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From a Bloody Battle in Afghanistan to the Pitchers Mound at Nationals Park From a Bloody Battle in Afghanistan to the Pitchers Mound at Nationals...

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Defense

From a Bloody Battle in Afghanistan to the Pitchers Mound at Nationals Park

Medal of Honor recipient Clinton Romesha will throw the ceremonial first pitch at Opening Day on Monday.

Medal of Honor recipient Army Staff Sgt. Clint Romesha throws out the ceremonial first pitch before the opening day baseball game between the Washington Nationals and the Miami Marlins in Washington, on Monday, April 1, 2013.  (AP Photo/Alex Brandon)

photo of Ben Terris
April 1, 2013

Most people who recover from this injury never get to take the mound on Opening Day of a professional baseball game. Back in 2009, with Taliban insurgents attacking his unit, the soldier looked down at his bloodied arm. A rocket-propelled grenade had exploded nearby, and the shrapnel had torn up his right side. 

“Just throw a bandage on it real quick," he told his fellow soldier before jumping back into the scrum.

Wait, you thought this was going to be about Stephen Strasburg opening the season less than two years after Tommy John surgery? No, this is the story of Staff Sgt. Clinton Romesha, who won the Medal of Honor earlier this year and threw the ceremonial first pitch at Nationals Park on Monday.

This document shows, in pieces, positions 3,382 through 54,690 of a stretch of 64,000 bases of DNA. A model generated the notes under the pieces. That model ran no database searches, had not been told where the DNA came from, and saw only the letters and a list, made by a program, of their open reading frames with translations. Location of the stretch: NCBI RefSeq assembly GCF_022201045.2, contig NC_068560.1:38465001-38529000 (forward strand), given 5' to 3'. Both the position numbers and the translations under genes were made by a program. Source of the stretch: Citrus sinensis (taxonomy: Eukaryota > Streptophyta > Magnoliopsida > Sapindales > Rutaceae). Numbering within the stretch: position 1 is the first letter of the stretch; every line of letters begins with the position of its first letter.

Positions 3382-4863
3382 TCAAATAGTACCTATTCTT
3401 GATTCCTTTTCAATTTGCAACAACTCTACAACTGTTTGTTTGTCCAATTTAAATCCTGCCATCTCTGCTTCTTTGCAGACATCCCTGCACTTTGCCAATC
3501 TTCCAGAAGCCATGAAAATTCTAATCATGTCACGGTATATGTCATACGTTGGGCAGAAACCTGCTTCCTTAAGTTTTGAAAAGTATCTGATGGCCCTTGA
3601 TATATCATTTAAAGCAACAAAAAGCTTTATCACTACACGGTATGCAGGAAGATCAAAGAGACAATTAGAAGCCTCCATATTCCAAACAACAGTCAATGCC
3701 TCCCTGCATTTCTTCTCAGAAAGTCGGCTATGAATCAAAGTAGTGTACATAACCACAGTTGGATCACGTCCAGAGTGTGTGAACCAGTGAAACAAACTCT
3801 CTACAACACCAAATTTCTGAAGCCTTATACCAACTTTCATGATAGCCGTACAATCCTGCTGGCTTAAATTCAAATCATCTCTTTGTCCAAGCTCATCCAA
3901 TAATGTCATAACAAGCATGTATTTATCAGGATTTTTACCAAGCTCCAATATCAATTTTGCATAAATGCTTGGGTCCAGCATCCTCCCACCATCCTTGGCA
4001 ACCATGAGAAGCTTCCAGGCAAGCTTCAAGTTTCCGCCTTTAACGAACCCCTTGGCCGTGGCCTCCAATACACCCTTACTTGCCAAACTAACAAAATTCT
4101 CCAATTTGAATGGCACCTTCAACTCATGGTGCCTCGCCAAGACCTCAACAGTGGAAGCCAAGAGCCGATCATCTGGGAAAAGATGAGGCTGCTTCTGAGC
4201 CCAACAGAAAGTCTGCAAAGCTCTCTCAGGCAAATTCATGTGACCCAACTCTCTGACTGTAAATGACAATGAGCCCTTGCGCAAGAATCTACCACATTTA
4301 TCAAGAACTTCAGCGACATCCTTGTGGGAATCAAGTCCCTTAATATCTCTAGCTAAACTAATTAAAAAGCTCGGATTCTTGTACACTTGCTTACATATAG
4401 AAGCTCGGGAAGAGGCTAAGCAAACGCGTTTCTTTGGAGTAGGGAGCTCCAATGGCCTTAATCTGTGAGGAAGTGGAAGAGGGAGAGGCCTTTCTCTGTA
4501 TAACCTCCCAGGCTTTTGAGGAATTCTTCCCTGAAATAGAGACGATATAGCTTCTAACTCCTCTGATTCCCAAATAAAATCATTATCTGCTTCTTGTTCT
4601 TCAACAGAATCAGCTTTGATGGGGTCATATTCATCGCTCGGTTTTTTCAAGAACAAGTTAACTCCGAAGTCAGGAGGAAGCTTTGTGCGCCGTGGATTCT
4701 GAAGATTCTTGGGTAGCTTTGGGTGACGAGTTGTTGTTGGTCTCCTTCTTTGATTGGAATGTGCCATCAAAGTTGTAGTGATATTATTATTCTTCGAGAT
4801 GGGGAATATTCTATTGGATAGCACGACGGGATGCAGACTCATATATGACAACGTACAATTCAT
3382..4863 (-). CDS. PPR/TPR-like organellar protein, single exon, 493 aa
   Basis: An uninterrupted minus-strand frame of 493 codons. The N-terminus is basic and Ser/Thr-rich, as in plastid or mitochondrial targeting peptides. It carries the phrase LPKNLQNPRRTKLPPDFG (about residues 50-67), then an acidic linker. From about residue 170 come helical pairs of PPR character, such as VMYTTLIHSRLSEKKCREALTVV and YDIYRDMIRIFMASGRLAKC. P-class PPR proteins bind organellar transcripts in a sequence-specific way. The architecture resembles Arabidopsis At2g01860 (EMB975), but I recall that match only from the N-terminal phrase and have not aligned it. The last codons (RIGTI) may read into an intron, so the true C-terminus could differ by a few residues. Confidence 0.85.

Romesha arrived at Combat Outpost Keating in May of 2009. Situated on low ground and surrounded by 10,000 foot mountains, it was a difficult place to defend (one soldier described the post as “being in a fishbowl or fighting from the bottom of a paper cup.”)

On October 3 that year, about 300 Taliban insurgents attacked the facility, which was being manned by about 50 Americans. In what would become known as the Battle of Kamdesh, the 12-hour fight took the lives of eight American soldiers. But it would have been a lot worse had Romesha not led a counterattack, held the facility, and called in for air support.

"I wholeheartedly believe he single-handedly saved the lives of everybody on that outpost,” Sgt. Brad Larson said. “He took it upon himself to take the COP back. I'm glad he's getting an award for it.”

For his valor, Romesha became just the fourth living Medal of Honor recipient from the war in Afghanistan.

“There were many lessons from COP Keating,” President Obama said at the February 11 Medal of Honor ceremony. “One of them is that our troops should never, ever, be put in a position where they have to defend the indefensible. But that’s what these soldiers did — for each other, in sacrifice driven by pure love.”

Romesha shies away from considering himself a hero. Recently, he graciously declined to sit in first lady Michelle Obama's box during the State of the Union, opting instead to watch with friends and family, and he has said he feels "conflicted" about getting the award. Instead of basking in the glow, he opted for a metaphor strikingly fitting for someone standing before an audience at Nats Park on Opening Day.

“Anyone would have stepped up to the plate,” he said. “It was just, I happened to be there; but without the platoon pulling together, I couldn't have done what I did."

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